The development of powered flight is a twentieth-century story. The latest in the best-selling 'Classic' series, Classic Aircraft reviews a cross-section of the pace-setters that have pointed the way forward in the history of aviation: the ‘classic aircraft' which represented for good or ill the cutting edge of applied technology. From 1915 to the present day, bombers created a new and terrible 'total war' -- in the 1940s the German Blitzkrieg employed screaming Stuka dive-bombers as they invaded the rest of Europe, and the RAF's Avro Lancasters carried out night bombing of Germany in the winter of 1944-45. In 1945 bombing reached its apogee with the dropping of the first atomic bomb on Hiroshima by a Boeing B-29. The counter to the bomber, the fighter developed with the Fokker E-1, the S.E.5a, the Hurricane, the Spitfire, and the US Navy's Hellcat -- all rising out of the early discovery that a small, agile aeroplane can become an efficient killing machine. Civil aviation had its classics too. Originally the exclusive preserve of the rich, who could fly with slow dignity in Handley Page airliners on a twelve-day progress from Croydon to Australia via Imperial Airways, civil flight progressed to the dawn of the package tours in Vickers Viscounts and to the luxury of Concorde in the 1980s. All the machines in this book, whether helicopters or the efficient light aircraft of today or the humble workhorses of the air, have serious claim to be considered as 'classic aircraft' and all, in one form or another, represent the incredible advance in technology unique to the now-departed twentieth century.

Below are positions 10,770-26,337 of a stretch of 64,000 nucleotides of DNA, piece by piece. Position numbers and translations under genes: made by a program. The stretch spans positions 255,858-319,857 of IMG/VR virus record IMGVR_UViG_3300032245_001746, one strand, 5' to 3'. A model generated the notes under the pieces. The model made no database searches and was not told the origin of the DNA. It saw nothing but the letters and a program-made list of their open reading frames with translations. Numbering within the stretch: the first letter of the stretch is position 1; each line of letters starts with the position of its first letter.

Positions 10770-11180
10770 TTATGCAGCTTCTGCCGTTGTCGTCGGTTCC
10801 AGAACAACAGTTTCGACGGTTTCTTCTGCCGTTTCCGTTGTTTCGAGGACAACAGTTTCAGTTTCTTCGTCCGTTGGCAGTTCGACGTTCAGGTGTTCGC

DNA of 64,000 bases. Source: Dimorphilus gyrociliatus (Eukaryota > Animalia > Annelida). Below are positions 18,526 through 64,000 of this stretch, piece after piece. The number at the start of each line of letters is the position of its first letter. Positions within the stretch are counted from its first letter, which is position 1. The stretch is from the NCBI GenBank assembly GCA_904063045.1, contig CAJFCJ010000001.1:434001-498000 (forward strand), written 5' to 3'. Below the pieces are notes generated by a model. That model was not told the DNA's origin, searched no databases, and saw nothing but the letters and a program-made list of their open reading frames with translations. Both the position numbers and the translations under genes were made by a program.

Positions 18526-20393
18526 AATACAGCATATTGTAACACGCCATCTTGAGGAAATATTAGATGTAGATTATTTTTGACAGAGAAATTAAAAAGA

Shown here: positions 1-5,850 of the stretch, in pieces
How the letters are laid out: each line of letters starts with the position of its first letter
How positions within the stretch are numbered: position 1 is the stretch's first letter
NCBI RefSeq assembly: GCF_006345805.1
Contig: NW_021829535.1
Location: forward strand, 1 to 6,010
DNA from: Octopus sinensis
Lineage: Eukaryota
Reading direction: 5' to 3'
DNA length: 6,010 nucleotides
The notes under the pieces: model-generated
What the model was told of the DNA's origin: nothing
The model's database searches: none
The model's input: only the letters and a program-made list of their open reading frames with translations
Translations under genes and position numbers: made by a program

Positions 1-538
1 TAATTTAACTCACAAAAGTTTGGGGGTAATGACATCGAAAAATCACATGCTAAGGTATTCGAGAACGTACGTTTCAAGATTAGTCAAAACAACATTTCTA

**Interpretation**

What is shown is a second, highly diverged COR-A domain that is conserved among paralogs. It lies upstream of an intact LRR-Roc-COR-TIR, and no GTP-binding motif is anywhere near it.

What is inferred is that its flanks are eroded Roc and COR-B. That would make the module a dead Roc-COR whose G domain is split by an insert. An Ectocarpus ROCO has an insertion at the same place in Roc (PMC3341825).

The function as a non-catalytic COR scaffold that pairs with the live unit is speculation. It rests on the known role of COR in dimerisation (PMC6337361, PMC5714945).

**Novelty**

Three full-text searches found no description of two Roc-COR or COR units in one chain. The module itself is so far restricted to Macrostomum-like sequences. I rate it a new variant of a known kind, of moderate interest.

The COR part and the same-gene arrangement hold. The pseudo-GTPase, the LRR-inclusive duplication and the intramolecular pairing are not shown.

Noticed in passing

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When commercial air services were launched in 1976, Concorde was hailed as one of the wonders of the technological world. Flying at speeds in excess of Mach 2, she was the only commercial airliner ever developed that could maintain twice the speed of sound for periods of over two hours. This is an illustrated guide to Concorde that examines how its designers had to overcome significant challenges in the pursuit of supersonic commercial passenger travel. It documents early opposition to the development of supersonic flight, going on to trace Concorde's path to commercial success. With stunning photography of the aircraft in development and in service, this gift book tells the story of one of the greatest engineering and technological feats of modern history.